- Prepare
- Algorithms
- Game Theory
- Zero-Move Nim

# Zero-Move Nim

# Zero-Move Nim

Nim is a famous game in which two players take turns removing items from distinct piles. During each turn, a player must remove one or more items from a single, non-empty pile. The winner of the game is whichever player

removes the last item from the last non-empty pile.

John and Kate modified Nim by adding the following rule, which they call a *Zero-Move*:

For each *non-empty* pile, either player can remove items from that pile and have it count as their move; however, this move can only be performed *once per pile by either player*. For example, let's say pile initially has items in it. If John decides to use a Zero-Move on pile , then neither John nor Kate can perform another Zero-Move on pile ; that said, either player is free to perform a Zero-Move on any other non-empty pile that hasn't had a Zero-Move performed on it yet.

John and Kate play games of *Zero-Move Nim*. Given the number of items in each pile for each game, determine whether or not John can win the game if he always moves first and each player always moves optimally (i.e., never makes a move that causes them to lose if some better, winning move exists). For each game, print `W`

on a new line if John can win; otherwise, print `L`

instead.

**Input Format**

The first line contains an integer, , denoting the number of games. The subsequent lines describe each game over two lines:

- The first line contains an integer, , denoting the number of heaps.
- The second line contains space-separated integers describing .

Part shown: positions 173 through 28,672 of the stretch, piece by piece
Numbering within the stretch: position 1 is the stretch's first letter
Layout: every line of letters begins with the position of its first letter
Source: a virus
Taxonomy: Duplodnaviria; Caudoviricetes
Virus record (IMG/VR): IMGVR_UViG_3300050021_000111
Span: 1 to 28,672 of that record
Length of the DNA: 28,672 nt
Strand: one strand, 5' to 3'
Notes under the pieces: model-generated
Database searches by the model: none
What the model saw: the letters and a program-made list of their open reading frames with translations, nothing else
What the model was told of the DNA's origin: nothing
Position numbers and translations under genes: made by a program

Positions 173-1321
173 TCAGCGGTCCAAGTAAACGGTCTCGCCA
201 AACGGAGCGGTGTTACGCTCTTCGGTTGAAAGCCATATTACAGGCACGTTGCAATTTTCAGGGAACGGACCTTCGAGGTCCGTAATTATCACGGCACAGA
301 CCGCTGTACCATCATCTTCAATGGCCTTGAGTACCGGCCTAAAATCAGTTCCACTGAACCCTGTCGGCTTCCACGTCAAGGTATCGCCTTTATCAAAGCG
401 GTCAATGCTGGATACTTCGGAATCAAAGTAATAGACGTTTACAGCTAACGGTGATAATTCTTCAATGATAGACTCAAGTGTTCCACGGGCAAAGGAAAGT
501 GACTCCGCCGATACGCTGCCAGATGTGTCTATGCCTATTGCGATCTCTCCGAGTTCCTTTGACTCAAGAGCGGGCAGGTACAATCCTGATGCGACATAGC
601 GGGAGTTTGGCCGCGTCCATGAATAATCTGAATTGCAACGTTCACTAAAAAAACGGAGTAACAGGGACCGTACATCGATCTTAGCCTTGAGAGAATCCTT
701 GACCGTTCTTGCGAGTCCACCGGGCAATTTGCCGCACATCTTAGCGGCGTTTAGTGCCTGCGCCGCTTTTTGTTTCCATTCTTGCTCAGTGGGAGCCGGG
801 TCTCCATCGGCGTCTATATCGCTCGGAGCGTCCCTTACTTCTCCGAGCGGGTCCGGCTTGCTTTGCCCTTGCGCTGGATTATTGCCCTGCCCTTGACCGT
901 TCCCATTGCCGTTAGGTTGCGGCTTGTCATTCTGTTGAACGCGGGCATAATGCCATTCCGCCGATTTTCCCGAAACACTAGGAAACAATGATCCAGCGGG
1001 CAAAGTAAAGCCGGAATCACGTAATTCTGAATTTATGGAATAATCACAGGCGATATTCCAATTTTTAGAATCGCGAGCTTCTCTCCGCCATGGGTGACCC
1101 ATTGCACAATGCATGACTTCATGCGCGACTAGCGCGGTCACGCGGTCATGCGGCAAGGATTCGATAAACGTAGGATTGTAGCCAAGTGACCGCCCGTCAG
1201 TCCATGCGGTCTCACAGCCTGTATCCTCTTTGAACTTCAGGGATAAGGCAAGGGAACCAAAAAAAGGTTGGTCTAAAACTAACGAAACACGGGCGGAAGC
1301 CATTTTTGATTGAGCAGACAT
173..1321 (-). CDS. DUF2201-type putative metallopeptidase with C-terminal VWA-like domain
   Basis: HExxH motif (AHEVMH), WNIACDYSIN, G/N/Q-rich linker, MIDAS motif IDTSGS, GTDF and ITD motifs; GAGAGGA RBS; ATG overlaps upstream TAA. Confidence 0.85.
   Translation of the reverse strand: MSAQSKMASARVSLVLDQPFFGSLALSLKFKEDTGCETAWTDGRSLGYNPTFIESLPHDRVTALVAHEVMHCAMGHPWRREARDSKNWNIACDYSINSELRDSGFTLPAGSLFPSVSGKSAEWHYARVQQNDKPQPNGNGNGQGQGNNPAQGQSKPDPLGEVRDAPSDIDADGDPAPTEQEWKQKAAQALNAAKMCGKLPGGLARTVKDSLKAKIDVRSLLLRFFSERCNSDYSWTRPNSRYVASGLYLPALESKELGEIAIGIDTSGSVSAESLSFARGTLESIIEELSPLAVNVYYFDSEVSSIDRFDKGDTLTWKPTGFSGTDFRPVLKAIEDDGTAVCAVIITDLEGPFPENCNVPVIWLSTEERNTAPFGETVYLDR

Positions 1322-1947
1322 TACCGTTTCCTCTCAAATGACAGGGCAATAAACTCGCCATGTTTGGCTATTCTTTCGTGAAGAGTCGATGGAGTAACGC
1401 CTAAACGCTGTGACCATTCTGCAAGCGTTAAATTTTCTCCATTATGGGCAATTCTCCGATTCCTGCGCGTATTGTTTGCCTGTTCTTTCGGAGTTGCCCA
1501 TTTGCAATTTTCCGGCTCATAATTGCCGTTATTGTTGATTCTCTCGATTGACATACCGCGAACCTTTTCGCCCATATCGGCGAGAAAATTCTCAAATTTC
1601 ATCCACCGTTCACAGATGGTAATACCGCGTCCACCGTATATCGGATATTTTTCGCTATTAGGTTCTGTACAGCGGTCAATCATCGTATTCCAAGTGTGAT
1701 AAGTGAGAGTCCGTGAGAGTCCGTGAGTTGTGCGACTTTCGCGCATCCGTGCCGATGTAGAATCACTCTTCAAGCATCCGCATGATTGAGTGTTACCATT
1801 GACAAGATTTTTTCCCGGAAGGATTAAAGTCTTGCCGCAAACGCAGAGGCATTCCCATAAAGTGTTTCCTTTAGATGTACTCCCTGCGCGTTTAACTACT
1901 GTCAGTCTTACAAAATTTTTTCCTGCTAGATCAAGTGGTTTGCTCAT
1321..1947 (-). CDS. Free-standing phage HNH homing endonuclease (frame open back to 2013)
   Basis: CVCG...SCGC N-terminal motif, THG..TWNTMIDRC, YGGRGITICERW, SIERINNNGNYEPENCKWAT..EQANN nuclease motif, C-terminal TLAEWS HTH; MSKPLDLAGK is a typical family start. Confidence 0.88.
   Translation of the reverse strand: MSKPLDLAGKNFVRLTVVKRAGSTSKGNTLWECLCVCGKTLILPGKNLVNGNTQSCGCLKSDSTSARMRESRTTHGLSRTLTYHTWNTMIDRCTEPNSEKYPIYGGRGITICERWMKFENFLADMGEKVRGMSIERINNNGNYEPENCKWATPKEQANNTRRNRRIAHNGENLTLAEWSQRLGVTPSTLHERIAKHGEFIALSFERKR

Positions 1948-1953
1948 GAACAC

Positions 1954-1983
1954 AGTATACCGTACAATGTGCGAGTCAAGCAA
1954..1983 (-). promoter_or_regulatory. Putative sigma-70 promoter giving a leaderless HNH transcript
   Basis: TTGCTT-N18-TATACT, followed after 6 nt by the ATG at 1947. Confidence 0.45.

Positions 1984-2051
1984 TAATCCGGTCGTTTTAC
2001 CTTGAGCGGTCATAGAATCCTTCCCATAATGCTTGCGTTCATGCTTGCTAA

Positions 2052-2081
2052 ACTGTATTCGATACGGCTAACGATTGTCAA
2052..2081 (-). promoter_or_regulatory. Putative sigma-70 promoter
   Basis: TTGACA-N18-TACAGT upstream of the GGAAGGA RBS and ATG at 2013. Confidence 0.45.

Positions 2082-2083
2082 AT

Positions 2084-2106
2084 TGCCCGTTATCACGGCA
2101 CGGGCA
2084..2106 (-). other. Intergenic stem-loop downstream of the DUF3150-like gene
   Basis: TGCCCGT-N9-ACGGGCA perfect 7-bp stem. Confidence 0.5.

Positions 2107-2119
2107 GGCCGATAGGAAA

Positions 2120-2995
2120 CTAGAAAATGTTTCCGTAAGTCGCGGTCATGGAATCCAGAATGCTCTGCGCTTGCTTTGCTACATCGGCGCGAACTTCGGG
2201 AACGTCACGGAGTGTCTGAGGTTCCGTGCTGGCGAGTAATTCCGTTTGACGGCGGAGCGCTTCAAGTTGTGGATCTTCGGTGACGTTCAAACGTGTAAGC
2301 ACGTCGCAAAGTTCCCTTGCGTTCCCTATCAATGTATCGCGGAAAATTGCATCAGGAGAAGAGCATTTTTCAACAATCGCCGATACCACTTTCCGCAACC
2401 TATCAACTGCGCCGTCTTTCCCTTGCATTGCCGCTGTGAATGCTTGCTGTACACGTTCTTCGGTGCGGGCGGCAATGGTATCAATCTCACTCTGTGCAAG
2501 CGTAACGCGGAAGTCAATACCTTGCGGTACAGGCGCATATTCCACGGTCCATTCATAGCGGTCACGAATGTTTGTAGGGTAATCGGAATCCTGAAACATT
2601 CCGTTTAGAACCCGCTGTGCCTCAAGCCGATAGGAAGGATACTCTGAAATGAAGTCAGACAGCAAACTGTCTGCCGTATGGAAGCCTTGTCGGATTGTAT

**Constraints**

**Subtasks**

- For of the test cases,
- For of the test cases,

**Output Format**

For each game, print `W`

on a new line if John will win; otherwise, print `L`

instead.

**Sample Input 0**

```
2
2
1 2
2
2 2
```

**Sample Output 0**

```
W
L
```

**Explanation 0**

John and Kate play the following games:

We have two piles, and . John removes item from , so . Now that there is only item in each pile, gameplay can proceed in either of the following ways:

- Kate removes the last object from one pile, then John removes the last object from the other pile.
- Kate uses a Zero-Move on one of the piles, and John uses a Zero-Move on the other pile. Next, Kate must take the last object from one pile, at which point John removes the last object from the other pile.

Because John always wins in either scenario, we print

`W`

on a new line.John cannot win this game because the two piles are of equal size and Kate has an opportunity to counter any move he makes by performing the same action. Consider the following scenarios:

- If John uses a Zero-Move on one pile, Kate can use a Zero-Move on the other pile (meaning the piles still have the same configuration after both players move).
- If John removes one element from a pile, Kate can remove one element from the other pile so that both remaining piles contain one element when John takes his next turn. He would then be forced to empty one of the piles, leaving Kate to make the winning move by emptying the last pile.
- If John removes both elements from one of the piles, Kate can remove both elements from the other pile and win the game.

Because John always loses this game, we print

`L`

on a new line.